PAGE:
The refugee crisis has shown the necessity to transform the EU’s asylum policy including a mandatory relocation of refugees across Europe in order to assist the EU border countries. In this way all EU Member States will be obliged to accept their responsibility for the refugees arriving at EU borders. Actions are needed to ensure a humane, fair and efficient policy for the future. Is the proposed new European Common Asylum System such a policy?
Currently, Member States responsible for examining asylum applications are countries of first point of irregular entry. This policy has led to a disproportionate responsibility on certain Member States and encouraged uncontrolled and irregular migratory flows. Migrants also often refused to make asylum applications or comply with identification obligations in the Member State of first arrival, and then moved on to the Member State where they wish to settle and apply for asylum.
Furthermore, there has been a lack of adequate convergence regarding the decision to grant either refugee status (to be accorded to persons fleeing persecution) or subsidiary protection status (to be accorded to persons fleeing the risk of serious harm, including armed conflict) for applicants from a given country of origin.
The EU has one of the most protective and generous asylum systems in the world, and the granting of international protection status in EU Member States has in practice almost invariably led to permanent settlement in the EU, while its original and primary purpose was to grant protection only for so long as the risk of persecution or serious harm persists. Once the circumstances in the country of origin or the situation of an applicant change, protection is no longer needed.
The European Commission President Jean-Claude Juncker has stressed that the EU must allow people in need of international protection to arrive in the EU in an orderly, managed, safe and dignified manner. A new entry-exit system will register the name, type of travel document and biometrics and will create “smarter borders” and replace the current system of manual stamping of passports. The new system will cost approximately €480 million. Implementation of pre-clearance self-service kiosks and e-gates will reduce border crossing time for third country nationals by drastically decreasing time of standing in line and waiting and workload for border guards.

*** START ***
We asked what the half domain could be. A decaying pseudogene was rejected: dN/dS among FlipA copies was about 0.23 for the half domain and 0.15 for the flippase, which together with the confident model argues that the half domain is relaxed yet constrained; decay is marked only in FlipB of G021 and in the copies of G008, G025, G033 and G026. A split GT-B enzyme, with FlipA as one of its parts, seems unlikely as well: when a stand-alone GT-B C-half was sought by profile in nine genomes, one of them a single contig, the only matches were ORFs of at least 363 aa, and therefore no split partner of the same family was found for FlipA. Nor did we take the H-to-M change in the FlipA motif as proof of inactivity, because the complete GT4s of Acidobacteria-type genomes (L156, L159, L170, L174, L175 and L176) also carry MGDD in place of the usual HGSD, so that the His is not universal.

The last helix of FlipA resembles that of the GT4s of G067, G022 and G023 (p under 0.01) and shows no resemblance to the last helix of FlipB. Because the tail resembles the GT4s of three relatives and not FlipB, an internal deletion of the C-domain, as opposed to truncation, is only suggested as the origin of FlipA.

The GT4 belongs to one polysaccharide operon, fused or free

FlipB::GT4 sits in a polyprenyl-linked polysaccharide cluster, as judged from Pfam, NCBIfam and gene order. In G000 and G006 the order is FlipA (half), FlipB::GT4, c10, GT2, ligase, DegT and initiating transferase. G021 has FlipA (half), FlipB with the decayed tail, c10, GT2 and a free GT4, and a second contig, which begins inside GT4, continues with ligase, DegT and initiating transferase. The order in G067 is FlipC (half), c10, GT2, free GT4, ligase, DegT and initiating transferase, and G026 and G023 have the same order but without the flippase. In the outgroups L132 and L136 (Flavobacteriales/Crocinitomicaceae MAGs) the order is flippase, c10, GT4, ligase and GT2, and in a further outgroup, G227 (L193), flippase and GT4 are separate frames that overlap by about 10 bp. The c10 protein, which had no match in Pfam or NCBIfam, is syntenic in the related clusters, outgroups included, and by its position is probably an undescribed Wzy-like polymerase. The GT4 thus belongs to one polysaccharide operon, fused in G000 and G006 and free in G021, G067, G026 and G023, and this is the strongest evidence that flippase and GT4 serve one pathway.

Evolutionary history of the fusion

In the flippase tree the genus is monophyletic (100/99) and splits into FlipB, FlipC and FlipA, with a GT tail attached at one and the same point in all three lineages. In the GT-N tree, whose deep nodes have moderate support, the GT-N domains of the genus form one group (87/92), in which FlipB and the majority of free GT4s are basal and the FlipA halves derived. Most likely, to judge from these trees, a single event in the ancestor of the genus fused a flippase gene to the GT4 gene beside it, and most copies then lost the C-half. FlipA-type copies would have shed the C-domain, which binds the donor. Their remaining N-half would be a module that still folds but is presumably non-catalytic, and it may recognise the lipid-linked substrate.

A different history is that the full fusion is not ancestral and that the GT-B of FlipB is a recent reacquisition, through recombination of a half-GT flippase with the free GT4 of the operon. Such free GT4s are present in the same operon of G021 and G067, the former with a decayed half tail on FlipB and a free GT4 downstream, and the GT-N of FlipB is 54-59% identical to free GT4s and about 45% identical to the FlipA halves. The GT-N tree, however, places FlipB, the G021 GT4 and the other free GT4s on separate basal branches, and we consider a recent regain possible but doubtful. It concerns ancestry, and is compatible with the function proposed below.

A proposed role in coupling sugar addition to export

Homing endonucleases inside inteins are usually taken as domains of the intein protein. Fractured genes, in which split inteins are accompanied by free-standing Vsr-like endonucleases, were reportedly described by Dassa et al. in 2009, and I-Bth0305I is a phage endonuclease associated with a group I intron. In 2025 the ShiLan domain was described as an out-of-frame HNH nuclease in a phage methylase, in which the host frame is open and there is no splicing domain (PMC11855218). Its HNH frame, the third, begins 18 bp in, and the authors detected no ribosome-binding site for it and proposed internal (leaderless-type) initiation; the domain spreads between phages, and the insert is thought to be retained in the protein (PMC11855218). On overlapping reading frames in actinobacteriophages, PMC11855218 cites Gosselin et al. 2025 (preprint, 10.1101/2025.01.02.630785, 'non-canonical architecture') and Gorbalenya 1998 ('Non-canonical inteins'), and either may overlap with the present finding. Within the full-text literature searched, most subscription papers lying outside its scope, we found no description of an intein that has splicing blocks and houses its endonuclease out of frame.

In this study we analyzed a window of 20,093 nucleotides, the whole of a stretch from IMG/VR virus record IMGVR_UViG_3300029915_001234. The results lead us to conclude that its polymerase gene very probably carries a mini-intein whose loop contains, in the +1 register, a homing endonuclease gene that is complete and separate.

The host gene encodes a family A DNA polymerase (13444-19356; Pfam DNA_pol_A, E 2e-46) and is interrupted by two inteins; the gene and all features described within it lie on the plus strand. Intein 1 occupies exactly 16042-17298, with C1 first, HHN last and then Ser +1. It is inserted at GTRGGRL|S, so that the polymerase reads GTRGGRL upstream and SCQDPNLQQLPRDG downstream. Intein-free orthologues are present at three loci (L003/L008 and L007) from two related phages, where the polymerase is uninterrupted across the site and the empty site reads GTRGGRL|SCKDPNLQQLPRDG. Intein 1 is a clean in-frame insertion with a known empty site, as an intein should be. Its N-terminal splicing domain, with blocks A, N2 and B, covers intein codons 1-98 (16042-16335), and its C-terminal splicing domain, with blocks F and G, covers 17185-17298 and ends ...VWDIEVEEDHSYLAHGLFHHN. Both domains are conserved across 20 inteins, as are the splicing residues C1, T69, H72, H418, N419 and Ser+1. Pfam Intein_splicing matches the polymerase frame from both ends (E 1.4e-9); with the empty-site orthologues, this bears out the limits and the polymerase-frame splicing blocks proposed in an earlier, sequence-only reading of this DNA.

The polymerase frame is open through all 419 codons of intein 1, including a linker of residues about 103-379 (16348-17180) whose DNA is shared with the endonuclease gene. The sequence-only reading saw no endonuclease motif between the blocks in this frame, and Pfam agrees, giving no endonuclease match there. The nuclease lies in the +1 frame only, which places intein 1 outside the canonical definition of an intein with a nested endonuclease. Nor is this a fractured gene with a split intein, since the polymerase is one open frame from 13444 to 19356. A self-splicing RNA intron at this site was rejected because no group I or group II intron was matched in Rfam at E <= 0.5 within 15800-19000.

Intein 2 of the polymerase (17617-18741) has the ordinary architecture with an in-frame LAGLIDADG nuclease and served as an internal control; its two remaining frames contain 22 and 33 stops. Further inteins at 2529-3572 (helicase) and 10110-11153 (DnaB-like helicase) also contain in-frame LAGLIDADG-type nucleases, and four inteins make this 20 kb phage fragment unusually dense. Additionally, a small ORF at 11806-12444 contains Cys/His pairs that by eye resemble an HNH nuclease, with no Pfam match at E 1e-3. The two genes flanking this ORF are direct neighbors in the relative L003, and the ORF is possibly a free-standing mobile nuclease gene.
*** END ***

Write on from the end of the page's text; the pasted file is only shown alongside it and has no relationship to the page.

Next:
Besides, biometric technologies will reduce the risk of mistaken identities, discrimination and racial profiling. It can also contribute to addressing protection risks for children such as children going missing or falling victims of trafficking and the risk of people being wrongfully apprehended and arrested. This will also help Europol to complement their existing criminal intelligence sources with the dates and locations of entry and exit from the Schengen area and will constitute for law enforcement authorities an additional instrument to prevent and combat terrorism and serious crime, by tracking travel patterns and combatting document and identity fraud.
Additionally, the new system will be supplemented with a corrective fairness mechanism, based on a distribution key, allowing for adjustments in allocation in certain circumstances based on the refugee population in Member States and unemployment levels. Similarly, developed countries outside the EU have recently moved towards a system of pre-selection with a “pool of pre-screened candidates”, followed by actual admission procedures. Such a system is both demand-driven (i.e. requiring the need for a job offer or a contract as a pre-requisite) and focuses on human capital elements (i.e. the skills and qualifications of the person, the experience etc.). Relocation could take place as soon as a predefined threshold in the number of asylum applicants is reached in a given Member State and the Commission reserving the right to take action where Member States are not complying with their obligations. Unfortunately, so far relocation efforts were made by only a few Member States.
Nevertheless, the proposed new system has several concerns and violations of human rights and freedom of movement. According to the new system the responsible, so called first entry Member State will remain the only one responsible to examine a given applicant’s claim, thereby deterring secondary movements. Refugees will be only entitled to rights and benefits in the Member State that has granted them protection and in which they have an obligation to remain. Other Member States will have an obligation to send asylum seekers who have absconded back to the responsible Member State. Besides, the fact that a person had irregularly left the responsible Member State could be taken into account in the appraisal of the asylum claim or a ground for initiating a status review.
Therefore, refugees will be obliged to remain in the responsible Member State which is against freedom of movement as a fundamental human right, because the 5-year period after which beneficiaries of international protection would be eligible for the Long Term Resident status will be restarted each time the person leaves without authorisation the territory of the Member States that has granted protection. Besides, certain criteria also should be taken into account such as family links. Thus, the proposed new system still has serious concerns that have to be addressed.